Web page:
Rick Grimes: He’s A Cop…Sort Of?
The formerly upstanding officer from The Walking Dead won’t ever be the same. And that’s not a bad thing.
You can kill off pretty much every character on AMC’s The Walking Dead except for Rick Grimes, the Georgia sheriff’s deputy who awoke from a coma in the pilot episode to a world gone zombie. (Or “Walkers,” as the show insists on referring to the undead. Whatever.)
Whether you like him as a character or not, Rick’s still the leader of the survivors we kinda root for when they’re not being mopey and talky for half a season of TV (looking at you, Season 2). His decisions directly determine who lives and dies. Without him, the show would be a collection of mostly stock characters lacking a fulcrum to revolve around.
Sure, it’s fun to speculate and tease about the possibility of his death, but it would be pretty unwise since Rick is a) played by Andrew Lincoln, the best actor on the show, and b) the most complex character on a show that desperately needs more complexity from week to week lest it devolve into playing like a depressing soap opera.
But you could argue that Rick, the upstanding, rational small-town cop of the first two seasons, died a while back. He lost his best friend Shane (Jon Bernthal), eventually shooting him in a fight and then putting him down again when he came back in walker form. This was after finding out that Shane had fooled around with his wife, Lori (Sarah Wayne Callies), while he was in his coma and presumed dead. Rick made bad decisions he couldn’t take back. He witnessed the people he was trying to protect get turned into walker snacks over and over. He had to put down zombified children, including missing child-turned-undead-growler Sophia (Madison Lintz). In Season 3, Lori died in childbirth, making an already stressed-out Rick crack up and hallucinate, causing the rest of the group, including his son Carl (Chandler Riggs), to doubt his leadership abilities.
When Rick came out of the other end of that period of crazy, he was colder. He’d leave a desperate hitchhiker to die on the road without offering any help. He’d turn away any newcomers he couldn’t trust, even if they might prove useful to the group. He wasn’t even too interested in newborn daughter Judith. I mean, damn, even tough-as-tree-bark badass Daryl (Norman Reedus) took a little time out to make cute faces at the baby and to dub her “Lil’ Asskicker.”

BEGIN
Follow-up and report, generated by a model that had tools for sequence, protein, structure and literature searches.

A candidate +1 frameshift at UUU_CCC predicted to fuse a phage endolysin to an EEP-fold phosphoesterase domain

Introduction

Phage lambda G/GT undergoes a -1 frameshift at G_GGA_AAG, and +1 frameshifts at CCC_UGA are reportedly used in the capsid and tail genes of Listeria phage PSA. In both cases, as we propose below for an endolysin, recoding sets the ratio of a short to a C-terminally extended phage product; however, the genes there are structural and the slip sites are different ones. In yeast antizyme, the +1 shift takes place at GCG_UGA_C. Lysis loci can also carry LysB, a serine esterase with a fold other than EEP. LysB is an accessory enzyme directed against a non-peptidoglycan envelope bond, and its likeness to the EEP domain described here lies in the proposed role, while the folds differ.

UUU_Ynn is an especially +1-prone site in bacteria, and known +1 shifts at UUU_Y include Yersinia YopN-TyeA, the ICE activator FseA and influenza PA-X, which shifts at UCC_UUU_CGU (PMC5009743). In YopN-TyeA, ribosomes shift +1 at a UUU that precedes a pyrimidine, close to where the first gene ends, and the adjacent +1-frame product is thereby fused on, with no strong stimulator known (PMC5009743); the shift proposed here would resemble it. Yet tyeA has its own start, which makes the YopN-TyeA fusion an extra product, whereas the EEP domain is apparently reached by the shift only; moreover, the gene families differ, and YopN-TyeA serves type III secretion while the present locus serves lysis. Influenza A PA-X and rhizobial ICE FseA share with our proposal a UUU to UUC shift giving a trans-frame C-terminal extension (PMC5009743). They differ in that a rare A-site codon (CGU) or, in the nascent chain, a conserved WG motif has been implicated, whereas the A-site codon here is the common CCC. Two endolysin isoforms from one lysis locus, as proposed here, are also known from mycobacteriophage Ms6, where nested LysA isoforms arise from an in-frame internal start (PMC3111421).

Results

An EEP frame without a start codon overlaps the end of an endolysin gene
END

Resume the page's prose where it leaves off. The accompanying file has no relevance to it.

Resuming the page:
If The Walking Dead is about the complete dissolution of societal norms, Rick in the third season is the internalization of that breakdown. He goes nuts, he lets go of his rules and his reasons, and he embraces the chaos and uncertainty of his situation. He’s a bundle of increasingly raw nerves, but he’s finally fitting in with the new world order. Rick’s no longer about protecting and serving the public; he’s about protecting his own and serving up a gunshot wound to anyone who threatens that. It would make him a sociopath here, but in Walker World, it seems wise and necessary.
In case it wasn’t explicit enough, a Season 2 episode shows Rick putting away his uniform and badge as he finally realizes that the world where law and order exist isn’t coming back. Rick the cop, who tried so hard to keep everyone alive and maintain the peace, is long gone. What’s replaced him is a pragmatic survivalist who, going into the fourth season (set to debut in October), is at war with The Governor (David Morrissey). He’s reeling from more deaths, but also willing to take in a few new survivors who don’t appear to represent a danger to Rick and his family. He’s trying to figure out how his son grew into such a cold-blooded son of a gun. That one’s not so hard to figure out.
Remember all those boring, endless moral discussions in the first two seasons about the right and wrong of killing the living? They don’t happen much anymore. Rick accepted the lesson Shane tried to teach him: it’s survival of the fittest and no badge is going to stop the pain and the darkness and the death. The others can live under what fans call The Ricktatorship, or they can hit the damn road away from the relative safety of the prison shelter.
Rick was a good cop with a strong moral center. But that Rick was never long for the Walking Dead world. Apocalypse Rick has a much better chance of survival even if he’s never, ever, ever going to see a pension check.